Something didn’t sit right. She felt like she was “moonlighting as this sustainable designer [on Instagram] while working for a huge brand at the same time” doing basically the opposite. Long story short, she decided to quit and make a career for herself, hosting sustainable workshops to make new garments out of the old. She even does this for brands, using samples and faulty items to create new and innovative, one-off styles.
Hassan Rahim, Na Kim, Grilli Type, Fisk, Shawna X and Anthony Hamilton, just to name a few, also shed light on their personal journeys throughout their career. Their talks exemplified the fact that our personal experiences will always inevitably shape our creative paths, often, in more ways than one. For Noël Leu, cofounder of the Lucerne-based type foundry Grilli Type, it was his extensive travels around the world that caused him to take a U-turn in his practice. From creating the kind of refined and minimal work that is wholly expected from a Swiss type foundry, Noël talked us through how a trip to Japan threw a spanner in the works.
Fascinated with the ubiquitous forms of Japanese visual language that birthed all kinds of kawaii, Noël came away from his trip thinking “I really enjoy cute things in everyday life.” Consequently taking on a completely different kind of design project than he was used to – mascot design – the Swiss designer applied his newly found ways of thinking and seeing into his previously rigid approach to design. And while Hassan talked about his unconventional and unstable entry into the design industry, Shawna X discussed how motherhood totally changed her outlook on life and work, and Fisk’s Bijan Berahimi explained how his Iranian roots have infused the nurturing hospitality of the Portland-based gallery; the audience was left feeling satisfied and well-fed with uplifting inspiration after each of these speakers.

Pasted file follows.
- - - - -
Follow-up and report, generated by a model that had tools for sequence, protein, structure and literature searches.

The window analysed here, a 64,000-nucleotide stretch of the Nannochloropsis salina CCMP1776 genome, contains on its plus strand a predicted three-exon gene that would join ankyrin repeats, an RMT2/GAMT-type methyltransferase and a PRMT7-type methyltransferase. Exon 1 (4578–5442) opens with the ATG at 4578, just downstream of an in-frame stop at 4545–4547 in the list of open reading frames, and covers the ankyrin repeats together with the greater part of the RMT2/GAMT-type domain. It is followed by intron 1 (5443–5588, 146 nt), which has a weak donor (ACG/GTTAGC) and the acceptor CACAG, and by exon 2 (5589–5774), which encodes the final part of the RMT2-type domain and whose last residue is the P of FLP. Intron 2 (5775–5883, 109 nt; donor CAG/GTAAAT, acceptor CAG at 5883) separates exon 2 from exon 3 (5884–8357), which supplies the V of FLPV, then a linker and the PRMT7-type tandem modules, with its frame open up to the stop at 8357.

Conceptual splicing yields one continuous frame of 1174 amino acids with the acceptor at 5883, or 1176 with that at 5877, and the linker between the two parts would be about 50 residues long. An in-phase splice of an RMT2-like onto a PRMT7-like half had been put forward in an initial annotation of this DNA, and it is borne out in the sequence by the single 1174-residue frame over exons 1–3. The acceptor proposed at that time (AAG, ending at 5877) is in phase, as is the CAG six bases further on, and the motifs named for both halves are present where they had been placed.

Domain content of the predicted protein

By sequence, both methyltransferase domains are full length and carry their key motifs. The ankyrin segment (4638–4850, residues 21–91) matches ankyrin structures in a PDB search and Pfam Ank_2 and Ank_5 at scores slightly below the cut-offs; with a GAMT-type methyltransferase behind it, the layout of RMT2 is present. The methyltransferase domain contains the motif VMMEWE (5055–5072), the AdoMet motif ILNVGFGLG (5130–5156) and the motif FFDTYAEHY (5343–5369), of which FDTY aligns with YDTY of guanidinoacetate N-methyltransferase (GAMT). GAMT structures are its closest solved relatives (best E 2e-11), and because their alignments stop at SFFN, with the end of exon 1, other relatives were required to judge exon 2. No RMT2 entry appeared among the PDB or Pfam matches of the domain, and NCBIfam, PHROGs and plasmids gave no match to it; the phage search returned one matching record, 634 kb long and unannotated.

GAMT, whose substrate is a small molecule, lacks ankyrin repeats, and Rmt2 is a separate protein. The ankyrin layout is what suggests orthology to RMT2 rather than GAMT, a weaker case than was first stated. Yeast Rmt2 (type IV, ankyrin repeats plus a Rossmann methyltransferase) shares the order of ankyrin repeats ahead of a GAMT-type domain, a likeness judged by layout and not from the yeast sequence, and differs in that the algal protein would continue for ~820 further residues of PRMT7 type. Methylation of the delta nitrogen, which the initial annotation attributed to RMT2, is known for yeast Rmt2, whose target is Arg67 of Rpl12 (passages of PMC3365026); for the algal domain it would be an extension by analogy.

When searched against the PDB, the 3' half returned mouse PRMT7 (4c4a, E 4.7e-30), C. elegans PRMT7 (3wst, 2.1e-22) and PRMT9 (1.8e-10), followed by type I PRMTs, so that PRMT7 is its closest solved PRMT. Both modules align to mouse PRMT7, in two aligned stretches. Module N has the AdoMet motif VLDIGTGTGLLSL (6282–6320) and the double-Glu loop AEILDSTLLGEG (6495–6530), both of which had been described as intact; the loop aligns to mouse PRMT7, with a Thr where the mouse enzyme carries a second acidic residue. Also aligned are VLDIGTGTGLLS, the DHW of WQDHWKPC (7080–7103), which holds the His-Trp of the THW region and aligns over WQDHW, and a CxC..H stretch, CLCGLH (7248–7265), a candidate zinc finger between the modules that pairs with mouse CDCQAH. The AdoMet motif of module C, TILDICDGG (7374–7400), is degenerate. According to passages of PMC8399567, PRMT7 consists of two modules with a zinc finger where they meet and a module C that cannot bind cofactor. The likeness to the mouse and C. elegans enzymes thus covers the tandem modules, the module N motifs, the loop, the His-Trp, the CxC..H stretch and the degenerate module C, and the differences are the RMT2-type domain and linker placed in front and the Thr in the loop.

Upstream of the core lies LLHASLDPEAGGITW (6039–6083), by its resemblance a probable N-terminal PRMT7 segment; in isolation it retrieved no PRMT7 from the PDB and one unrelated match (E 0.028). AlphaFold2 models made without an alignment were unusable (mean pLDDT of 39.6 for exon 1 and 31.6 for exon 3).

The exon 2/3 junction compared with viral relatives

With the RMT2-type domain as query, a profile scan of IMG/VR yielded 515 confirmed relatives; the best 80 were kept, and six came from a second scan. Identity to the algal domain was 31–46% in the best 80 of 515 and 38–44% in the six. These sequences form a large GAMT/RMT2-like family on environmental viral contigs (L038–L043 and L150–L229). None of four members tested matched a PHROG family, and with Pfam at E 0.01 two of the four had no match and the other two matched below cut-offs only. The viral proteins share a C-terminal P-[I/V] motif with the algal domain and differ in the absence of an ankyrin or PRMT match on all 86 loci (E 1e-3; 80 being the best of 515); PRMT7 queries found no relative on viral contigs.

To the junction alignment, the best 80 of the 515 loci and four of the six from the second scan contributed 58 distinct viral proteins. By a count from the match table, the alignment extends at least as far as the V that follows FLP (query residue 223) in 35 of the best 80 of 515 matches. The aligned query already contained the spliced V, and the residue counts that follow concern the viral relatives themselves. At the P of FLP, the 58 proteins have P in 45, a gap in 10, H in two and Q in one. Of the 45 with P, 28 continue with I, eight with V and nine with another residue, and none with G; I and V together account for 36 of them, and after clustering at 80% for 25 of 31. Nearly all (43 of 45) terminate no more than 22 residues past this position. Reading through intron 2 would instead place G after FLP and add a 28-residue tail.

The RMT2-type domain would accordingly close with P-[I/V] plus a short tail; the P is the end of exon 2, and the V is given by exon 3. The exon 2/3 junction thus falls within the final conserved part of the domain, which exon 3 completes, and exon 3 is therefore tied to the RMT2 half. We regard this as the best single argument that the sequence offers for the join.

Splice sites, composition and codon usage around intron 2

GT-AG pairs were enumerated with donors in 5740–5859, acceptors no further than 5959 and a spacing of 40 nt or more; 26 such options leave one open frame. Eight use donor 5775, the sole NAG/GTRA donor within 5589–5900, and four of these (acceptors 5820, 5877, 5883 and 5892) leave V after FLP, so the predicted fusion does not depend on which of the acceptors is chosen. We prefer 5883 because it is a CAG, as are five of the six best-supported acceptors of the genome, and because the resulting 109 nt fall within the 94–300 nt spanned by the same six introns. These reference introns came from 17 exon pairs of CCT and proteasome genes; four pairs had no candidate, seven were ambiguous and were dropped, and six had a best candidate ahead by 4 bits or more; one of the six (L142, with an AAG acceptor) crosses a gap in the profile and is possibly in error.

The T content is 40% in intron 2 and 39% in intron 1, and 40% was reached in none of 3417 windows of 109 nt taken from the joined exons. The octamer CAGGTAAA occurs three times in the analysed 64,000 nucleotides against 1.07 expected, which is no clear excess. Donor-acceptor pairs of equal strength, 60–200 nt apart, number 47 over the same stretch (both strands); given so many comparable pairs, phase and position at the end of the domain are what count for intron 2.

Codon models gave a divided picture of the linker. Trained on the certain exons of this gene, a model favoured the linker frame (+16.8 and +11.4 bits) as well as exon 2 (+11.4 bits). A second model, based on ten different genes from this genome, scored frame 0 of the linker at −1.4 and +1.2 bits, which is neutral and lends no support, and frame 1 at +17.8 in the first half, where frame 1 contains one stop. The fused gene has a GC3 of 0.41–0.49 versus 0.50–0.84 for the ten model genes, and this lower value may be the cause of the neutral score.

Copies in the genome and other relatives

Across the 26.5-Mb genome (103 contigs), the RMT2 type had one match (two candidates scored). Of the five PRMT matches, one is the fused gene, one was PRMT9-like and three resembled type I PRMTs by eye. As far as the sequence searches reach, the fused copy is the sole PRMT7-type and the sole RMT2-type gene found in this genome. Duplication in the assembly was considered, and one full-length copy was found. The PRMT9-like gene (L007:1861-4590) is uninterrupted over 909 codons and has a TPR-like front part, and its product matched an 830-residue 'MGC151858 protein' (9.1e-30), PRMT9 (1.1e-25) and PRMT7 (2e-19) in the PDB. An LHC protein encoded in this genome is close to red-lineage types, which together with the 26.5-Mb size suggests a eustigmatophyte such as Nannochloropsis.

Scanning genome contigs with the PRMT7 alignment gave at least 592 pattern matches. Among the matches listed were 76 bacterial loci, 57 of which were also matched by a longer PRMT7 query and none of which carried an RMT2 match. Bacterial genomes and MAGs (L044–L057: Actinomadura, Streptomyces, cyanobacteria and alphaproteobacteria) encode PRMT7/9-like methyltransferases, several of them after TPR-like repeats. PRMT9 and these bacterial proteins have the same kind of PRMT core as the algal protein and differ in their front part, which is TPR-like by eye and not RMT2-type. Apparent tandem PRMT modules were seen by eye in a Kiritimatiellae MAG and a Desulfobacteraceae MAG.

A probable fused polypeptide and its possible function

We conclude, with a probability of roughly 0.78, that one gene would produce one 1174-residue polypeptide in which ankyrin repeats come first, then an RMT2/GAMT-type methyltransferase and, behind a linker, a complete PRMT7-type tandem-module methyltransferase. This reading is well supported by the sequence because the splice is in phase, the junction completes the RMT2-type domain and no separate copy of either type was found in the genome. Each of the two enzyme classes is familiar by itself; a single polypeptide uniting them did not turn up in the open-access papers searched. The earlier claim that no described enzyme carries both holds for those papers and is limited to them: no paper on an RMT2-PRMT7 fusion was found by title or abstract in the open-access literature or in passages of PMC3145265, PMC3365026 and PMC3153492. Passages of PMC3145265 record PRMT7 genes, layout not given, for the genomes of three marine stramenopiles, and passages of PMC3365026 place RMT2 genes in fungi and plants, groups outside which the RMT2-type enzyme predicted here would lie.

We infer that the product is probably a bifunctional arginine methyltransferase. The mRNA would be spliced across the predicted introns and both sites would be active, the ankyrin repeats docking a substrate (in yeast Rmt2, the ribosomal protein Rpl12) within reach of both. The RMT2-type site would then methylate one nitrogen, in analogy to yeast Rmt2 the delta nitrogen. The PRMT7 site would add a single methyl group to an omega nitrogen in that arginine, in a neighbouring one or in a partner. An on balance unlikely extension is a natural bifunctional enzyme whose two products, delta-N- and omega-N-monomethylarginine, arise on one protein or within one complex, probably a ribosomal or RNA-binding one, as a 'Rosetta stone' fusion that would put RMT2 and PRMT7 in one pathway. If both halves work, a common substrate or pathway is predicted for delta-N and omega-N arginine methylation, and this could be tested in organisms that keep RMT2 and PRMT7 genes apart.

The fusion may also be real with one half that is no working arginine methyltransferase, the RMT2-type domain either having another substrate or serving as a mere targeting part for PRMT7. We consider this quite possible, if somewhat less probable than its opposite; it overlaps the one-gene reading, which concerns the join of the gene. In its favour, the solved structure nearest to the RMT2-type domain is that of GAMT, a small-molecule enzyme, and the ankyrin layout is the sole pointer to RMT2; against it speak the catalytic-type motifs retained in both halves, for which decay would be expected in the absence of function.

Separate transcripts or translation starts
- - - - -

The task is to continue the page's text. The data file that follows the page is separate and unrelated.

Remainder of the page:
But in a whole other kind of personal insight, Saturday’s closing speaker offered a twist on this recurring theme of personal journey. In a new kind of creative role, rarely covered before on It’s Nice That, Lukas Kaiser, the man behind all things Will Smith and family, talked us through how he manages the family’s image through the digital landscape. His talk weaved in and out of Will Smith (of course) and how he creates a jovial, self-deprecating image online by combining meme-esque humour with some incredibly talented animators and motion designers.
Citing some of the funniest kids on Tik Tok as key influences with this kind of work, Lukas shed light on a number of highly creative roles popping up within the strange world of celebrity representation. For Lukas, whose job requires him to consistently ask: “How can we get people to fuck with [Will Smith] and make fun of him?”, it is all about “self-degradation”. And similarly to how many of the star-studded line up revealed highly personal and vulnerable details of their lives, it was a great twist to end the festival by unveiling some rather ridiculous things about someone else.
- Andrew Khosravani and Maliboo animate Moon Panda's atmospheric music video
- Lights, sparkles and colour: Photographer Riccardo Apostolic draws from the plush era of the 80s
- What Myriam Boulous’ shots of the Lebanese revolution tell us about photojournalistic ethics
- Kinky, kooky characters take centre stage in Isaac Mann’s paintings
- DEMO Festival swaps advertising for the work of talented motion designers
- Cristóbal Schmal cuts and pastes ancient Andean stories into his colourful collages
- Pentagram rebrands Warner Bros. with a “sleek and clean” update to its shield logo
- Manchester Girls, the new series from Dean Davies, is a visual homage to the women of the north
- Relive the lazy, hazy, crazy days of summer through Summer of Something Special
- Viktor Hübner photographs American anxieties amongst a shifting political environment
- Jiří Makovec’s photographs meander between the personal and the universal
- Berlin Wall graffiti is made into a typeface to warn how "division is freedom's biggest threat"